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Goose Recipies  RSS feed

 
pollinator
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This is great! Lane, thank you for taking the time to answer questions and suggest recipes. I was going to cook a goose. I imagine I will be able to get 3 or 4 dishes out of it and am wondering if you had any suggestions. I was thinking of starting with the breasts as I was recently exposed to a pair of exquisite ones here on this site I also imagine the carcass will end up as soup in the end. I've roasted duck a few times and made duck biscuits and gravy before but I was really just experimenting with things that are hard to screw up (like soup) Any suggestions very welcome. I live in the pacific northwest so I generally have access to lots of cool season veggies and on the shoulders of winter lots of mushrooms. Oyster mushrooms and nettles look like a sure bet for the near future. But I'm game for anything! That prosciutto looks to die for and I think my fig tree might just give me a fig or two by the time it'd be cured.
 
pollinator
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I would be interested in this answer too.
I usually roast my goose stuffed with apple and black pudding making sure it's on a trivet to catch the fat.

David
 
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We are adding geese to the homestead and I am hoping to make goose prosciutto someday, riffing off of this recipe
 
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Landon Sunrich wrote:I was thinking of starting with the breasts as I was recently exposed to a pair of exquisite ones here on this site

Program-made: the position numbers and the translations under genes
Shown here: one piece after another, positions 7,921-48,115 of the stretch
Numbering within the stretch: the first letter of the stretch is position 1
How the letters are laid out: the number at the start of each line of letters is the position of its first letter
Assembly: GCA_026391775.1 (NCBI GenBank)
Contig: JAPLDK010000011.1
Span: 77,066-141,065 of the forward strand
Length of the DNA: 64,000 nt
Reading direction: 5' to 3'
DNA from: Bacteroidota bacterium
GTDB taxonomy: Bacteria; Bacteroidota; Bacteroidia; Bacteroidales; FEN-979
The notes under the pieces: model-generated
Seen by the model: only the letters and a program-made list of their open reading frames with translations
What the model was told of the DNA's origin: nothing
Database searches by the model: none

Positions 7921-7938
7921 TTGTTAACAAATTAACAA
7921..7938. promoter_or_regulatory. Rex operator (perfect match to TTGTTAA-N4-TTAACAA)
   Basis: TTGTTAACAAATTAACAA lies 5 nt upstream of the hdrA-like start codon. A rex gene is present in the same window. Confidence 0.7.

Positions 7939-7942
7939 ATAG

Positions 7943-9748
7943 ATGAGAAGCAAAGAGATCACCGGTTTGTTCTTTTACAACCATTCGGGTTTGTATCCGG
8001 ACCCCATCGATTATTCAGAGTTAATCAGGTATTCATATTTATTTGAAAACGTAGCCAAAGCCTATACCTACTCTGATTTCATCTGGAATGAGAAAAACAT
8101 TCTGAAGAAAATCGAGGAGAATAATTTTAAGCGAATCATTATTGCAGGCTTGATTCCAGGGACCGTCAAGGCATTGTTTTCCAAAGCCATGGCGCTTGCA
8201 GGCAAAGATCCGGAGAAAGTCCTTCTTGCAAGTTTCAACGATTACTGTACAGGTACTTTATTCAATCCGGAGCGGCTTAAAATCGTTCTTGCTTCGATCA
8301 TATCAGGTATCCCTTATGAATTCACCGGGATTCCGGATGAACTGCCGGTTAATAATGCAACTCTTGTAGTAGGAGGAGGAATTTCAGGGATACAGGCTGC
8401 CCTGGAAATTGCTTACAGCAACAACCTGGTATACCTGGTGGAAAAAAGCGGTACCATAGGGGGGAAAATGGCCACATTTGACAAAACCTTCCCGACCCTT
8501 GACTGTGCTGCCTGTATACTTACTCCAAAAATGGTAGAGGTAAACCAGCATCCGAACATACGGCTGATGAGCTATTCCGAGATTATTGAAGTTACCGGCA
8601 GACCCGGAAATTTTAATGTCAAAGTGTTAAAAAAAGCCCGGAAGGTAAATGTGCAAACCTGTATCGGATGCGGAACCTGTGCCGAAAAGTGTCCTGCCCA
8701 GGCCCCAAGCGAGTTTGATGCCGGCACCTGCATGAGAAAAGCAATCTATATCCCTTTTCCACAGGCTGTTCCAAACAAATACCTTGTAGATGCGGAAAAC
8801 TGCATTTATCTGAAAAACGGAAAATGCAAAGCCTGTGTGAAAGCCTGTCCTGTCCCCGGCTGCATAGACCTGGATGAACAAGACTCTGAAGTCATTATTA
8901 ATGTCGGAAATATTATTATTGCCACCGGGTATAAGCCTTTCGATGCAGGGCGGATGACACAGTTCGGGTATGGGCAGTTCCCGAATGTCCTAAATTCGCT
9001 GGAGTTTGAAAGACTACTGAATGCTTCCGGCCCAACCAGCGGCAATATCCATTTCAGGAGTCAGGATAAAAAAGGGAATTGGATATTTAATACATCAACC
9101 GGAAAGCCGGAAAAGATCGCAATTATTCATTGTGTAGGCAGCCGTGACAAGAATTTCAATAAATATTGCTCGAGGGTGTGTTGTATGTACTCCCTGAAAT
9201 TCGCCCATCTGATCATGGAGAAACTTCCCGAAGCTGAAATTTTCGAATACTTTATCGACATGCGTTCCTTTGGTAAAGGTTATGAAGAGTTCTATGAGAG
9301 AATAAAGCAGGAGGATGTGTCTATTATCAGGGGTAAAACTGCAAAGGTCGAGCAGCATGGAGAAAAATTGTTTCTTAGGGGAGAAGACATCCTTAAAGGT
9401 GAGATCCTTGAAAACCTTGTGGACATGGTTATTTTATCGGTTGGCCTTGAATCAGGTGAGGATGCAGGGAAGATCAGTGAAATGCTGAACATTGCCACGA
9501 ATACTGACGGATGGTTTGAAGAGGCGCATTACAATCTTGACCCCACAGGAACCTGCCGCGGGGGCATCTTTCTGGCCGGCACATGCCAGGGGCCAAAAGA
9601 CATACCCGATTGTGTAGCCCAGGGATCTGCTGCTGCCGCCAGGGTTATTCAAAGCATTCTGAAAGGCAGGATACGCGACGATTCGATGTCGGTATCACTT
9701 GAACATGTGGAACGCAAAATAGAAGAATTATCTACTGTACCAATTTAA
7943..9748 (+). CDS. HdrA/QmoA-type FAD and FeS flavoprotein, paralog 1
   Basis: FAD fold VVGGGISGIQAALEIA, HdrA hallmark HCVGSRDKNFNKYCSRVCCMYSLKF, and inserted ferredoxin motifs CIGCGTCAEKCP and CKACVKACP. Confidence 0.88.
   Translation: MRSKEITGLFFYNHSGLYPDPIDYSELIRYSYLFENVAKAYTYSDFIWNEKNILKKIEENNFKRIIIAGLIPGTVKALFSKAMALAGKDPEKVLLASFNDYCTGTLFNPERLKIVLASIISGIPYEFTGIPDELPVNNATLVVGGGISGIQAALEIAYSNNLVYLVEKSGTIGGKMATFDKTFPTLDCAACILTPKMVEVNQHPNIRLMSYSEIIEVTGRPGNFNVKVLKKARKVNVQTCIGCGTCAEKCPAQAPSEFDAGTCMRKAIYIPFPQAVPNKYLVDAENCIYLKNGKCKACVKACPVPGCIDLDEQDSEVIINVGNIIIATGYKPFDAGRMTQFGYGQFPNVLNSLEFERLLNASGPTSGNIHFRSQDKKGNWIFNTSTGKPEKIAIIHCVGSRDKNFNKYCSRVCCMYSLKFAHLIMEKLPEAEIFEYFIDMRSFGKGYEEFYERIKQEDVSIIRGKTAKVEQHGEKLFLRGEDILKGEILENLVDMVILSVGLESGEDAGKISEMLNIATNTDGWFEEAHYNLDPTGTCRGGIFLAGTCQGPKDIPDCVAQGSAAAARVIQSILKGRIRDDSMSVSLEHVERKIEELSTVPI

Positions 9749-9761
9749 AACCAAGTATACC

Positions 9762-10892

Tee hee.

My wife's done a few Christmas geese, and tried some easy recipes and some hard ones (like Julia Child's foie-gras-stuffed-prune recipe- elaborate!), and the hand's down winner was to do the goose in the crock pot. Whether roasting first and THEN going in the crock pot, or just going straight there, after a day at low heat, the goose was so good- every single time- that I wanted to swish it around my mouth like wine. Never had any other meat that good.

We did a couple wild geese this way, and a couple farm-raised, and the results were consistently amazing. I recommend it to everybody.
 
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I've never cooked a goose--so I'm no help here.

I've had two wild goose Thanksgiving dinners, thanks to a Montana friend. One was memorably good--rich, tender, wonderful meat. The next one, for which we made an amazing wild huckleberry sauce, was like eating rubber bands, albeit with really good sauce. I don't know if the hunters might have been able to tell the difference when they dressed the birds, and I wasn't the cook so I don't have any light to shed.

That experience made me think that if I were to be presented with a wild goose to cook, I would go the crockpot route just in case its another tough one.
 
Landon Sunrich
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Lane Morgan wrote: an amazing wild huckleberry sauce



Well that sound absolutely intriguing. Can you elaborate or is it a trade secret ?
 
Lane Morgan
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the sauce...not a secret, but I can't remember details. Probably it was huckleberries, sugar, and some sort of not very fruity liqueur (kirschwasser?), simmered together. Huckleberries have such an intense taste that not much else could compete anyway.
 
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